Easter supermarket sales slow as shoppers rebalance basket spend

Total till sales at UK supermarkets fell -1.8% over the last four weeks ending 23 April, with spending during the Easter period helping to lift sales up from -4.1% seen in March.

According to the latest data from NielsenIQ, UK shoppers spent £10.1 billion on groceries in the last four weeks ending 23 April.

This is down from £10.5 billion over the same four week Easter period in 2021 but is above the £9.6 billion in sales recorded in 2019.

Furthermore, data from NielsenIQ revealed that the number of items in the basket declined from 11.5 to 11.2 in the last four weeks.

This data suggests that consumers are more cautious of how they are spending and are making trade-offs around the number of items purchased.

As for retailer performance, discounter retailers Aldi and Lidl led the market in terms of growth with Tesco being the only Big 4 supermarket to have gained market share.

READ MORE: Supermarket sales plummet 5.9% while Easter boosts sales of premium own-label goods

The strongest category in the last four week period was confectionery (+35%) which was aided by the timing of Easter.

This was followed by pet and pet care (+13.6%), health and beauty (+8.3%), soft drinks (+3.3%) and delicatessen (+2%).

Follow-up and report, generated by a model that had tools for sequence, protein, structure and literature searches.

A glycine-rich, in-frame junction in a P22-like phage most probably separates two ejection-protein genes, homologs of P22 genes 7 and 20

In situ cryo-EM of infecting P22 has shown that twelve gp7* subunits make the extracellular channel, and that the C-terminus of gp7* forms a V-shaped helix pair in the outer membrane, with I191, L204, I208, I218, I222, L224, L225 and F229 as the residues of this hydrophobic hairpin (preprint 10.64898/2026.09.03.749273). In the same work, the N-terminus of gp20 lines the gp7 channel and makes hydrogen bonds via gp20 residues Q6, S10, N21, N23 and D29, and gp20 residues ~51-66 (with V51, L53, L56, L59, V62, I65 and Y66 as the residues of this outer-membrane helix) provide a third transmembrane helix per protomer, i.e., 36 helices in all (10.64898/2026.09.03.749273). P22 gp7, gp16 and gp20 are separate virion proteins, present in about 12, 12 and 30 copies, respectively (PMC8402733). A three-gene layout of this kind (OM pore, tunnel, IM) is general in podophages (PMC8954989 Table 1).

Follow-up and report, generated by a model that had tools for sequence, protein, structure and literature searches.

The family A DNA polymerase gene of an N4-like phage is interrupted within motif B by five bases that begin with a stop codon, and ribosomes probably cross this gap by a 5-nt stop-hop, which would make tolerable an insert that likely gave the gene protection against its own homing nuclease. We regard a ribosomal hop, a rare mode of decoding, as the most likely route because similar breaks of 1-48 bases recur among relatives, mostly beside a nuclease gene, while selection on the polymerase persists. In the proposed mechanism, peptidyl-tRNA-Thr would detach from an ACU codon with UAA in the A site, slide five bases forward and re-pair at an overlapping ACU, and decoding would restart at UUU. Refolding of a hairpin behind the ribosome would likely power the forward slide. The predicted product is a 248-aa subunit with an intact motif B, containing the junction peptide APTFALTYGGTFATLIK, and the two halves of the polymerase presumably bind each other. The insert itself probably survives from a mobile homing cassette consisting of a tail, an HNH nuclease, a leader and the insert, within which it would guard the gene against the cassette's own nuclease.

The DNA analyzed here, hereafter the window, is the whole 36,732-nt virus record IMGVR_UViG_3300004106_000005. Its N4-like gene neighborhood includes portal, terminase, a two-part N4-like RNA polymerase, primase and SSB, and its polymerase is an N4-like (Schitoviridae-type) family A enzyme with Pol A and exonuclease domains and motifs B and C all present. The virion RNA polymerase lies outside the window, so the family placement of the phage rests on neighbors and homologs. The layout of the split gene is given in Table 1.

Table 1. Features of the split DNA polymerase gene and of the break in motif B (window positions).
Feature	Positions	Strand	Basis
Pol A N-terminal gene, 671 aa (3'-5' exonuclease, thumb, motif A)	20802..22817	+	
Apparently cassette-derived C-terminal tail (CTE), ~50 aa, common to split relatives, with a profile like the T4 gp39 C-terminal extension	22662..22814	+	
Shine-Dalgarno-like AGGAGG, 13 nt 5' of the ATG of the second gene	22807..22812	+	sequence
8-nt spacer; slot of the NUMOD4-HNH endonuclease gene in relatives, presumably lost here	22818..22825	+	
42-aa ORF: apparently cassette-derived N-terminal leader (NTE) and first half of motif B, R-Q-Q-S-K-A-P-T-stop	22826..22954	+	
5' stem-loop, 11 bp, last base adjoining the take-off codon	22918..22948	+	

There was a decline in sales for beers, wines and spirits (-15.9%), meat, fish and poultry (-7.8%) as well as frozen food (-7.5%).

“Easter is a catalyst for sales growth and if a later Easter lands with warm weather, this can really help drive footfall,” NielsenIQ UK head of retailer and business insight Mike Watkins said.

“This was the case last year, which also coincided with the end of the final lockdown, giving a one-off boost to supermarket sales.

“Although sales this year are more subdued, they are still above levels recorded pre-pandemic in 2019, and further indicates a return to normal shopping behaviours, where shoppers no longer need to be concerned about stock levels and shortages.”

Watkins added: “Promotional spend has already moved up to 21.5% of value sales, and whilst in this instance, this reflects seasonal promotions, this could also herald the start of more pricing activity in the weeks ahead, such as private label price cuts and more targeted promotions through loyalty schemes. ”

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